Next week is many parents favourite time of year, back to school.
We all spend time and money getting our kids ready to face the year with new school supplies, clothing, and schedules – all things that we feel will give our child the best possible platform on which to have academic, and thus, future life, success. We shepherd them out the door, looking their best and hand them off to rested and ready teachers who will cultivate our children's young minds for around seven hours each day.
It’s a sound system, one that we pay for as taxpayers, through both income and property tax, for our entire adult lives. In 2017, the Government of Alberta spent $44 million each day that students were in school on education. The majority of that money given out in a per-student enrollment grant ($6,679.79 for students in Grade 1 to 9 in 2017/18). Each year the costs rise, and the number of students in Alberta increases yet, in many cases, that per student enrollment grant does not change to account for the increased expenses. The money has to stretch farther, and adjustments have to happen, which may or may not decrease the service level of the education that our kids receive.
As municipal property owners, we have the right to have a say in where our tax dollars are spent. Municipal budgets are prepared and shared each year, are legislated not to be able to run deficits, and are subject to change based on community consultations. We demand high service levels for the money we pay, and if we feel like there are spending issues, we vocalize our concerns (hopefully to our elected officials, but usually to social media). Why don’t we do the same for the tax dollars we spend on education?
I grumble to my husband every time I get a form with another class or field trip fee, secretly wish I could boycott sending copier paper or Kleenex on principle, and choose active transportation options when I can that doesn’t have costs attached. But I don’t remember the last time I inspected a school board’s budget documents, attended a trustee meeting, or questioned anyone on how my education tax dollars were spent. In fact, as a province, we have a high level of apathy when it comes to school boards, especially seen in trustee elections. In the 2007 election, 63 per cent of all trustee positions in Alberta were acclaimed. We seem to worry more about the frequency and content of our household waste pickup than we do about the money spent on our children’s education. The outrage over pipeline access in the province is evident. Would comparing the $44 million that it costs to educate our kids with the $40 million per day the delay in the Trans Mountain pipeline costs us get people more interested?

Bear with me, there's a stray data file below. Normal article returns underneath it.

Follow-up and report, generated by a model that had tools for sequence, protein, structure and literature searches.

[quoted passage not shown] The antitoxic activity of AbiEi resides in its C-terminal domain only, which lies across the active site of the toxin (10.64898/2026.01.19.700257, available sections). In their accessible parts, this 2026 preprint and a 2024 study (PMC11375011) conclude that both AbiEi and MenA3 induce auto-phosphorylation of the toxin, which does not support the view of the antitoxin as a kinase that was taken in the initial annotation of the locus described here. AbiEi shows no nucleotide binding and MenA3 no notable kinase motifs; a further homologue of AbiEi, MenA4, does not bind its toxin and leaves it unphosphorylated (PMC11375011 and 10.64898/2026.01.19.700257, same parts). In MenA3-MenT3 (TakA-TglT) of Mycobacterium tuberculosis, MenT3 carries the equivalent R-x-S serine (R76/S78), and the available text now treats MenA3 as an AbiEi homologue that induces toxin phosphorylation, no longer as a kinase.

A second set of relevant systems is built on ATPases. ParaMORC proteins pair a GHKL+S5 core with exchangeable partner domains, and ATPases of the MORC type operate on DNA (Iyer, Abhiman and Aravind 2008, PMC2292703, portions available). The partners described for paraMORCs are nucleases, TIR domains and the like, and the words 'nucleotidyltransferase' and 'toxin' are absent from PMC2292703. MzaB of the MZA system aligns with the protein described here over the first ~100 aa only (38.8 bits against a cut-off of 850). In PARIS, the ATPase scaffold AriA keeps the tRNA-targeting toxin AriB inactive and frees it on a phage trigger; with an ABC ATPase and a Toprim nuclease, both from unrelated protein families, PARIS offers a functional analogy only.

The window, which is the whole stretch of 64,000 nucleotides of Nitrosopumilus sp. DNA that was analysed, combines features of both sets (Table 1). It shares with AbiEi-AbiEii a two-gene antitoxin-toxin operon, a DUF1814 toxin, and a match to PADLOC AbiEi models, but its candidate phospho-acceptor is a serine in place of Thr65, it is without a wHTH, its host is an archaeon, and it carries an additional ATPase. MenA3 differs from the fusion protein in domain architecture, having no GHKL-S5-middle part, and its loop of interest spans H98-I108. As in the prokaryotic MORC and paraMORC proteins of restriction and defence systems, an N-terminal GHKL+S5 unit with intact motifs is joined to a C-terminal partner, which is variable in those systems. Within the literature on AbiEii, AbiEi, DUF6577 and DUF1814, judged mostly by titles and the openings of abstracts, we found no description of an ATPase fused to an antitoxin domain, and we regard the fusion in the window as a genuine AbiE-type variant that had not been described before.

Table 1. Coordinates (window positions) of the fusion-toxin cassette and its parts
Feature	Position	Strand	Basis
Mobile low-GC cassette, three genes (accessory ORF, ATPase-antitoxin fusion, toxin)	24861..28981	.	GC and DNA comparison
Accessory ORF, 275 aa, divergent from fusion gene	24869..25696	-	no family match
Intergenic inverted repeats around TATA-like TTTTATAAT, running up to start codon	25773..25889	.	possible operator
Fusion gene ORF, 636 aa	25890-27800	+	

As citizens, our job is to hold our leaders to account. When it comes to education, the messaging from the education minister is clear that it’s no longer teachers or school boards that have her ear, it is the parents. So, let’s take a hard look at what our local school boards are doing and ensure that classroom conditions and student successes are at the service level that this community of parents, and taxpayers, expect.
Lisa Holmes is a former Morinville mayor and councillor who lives in St. Albert.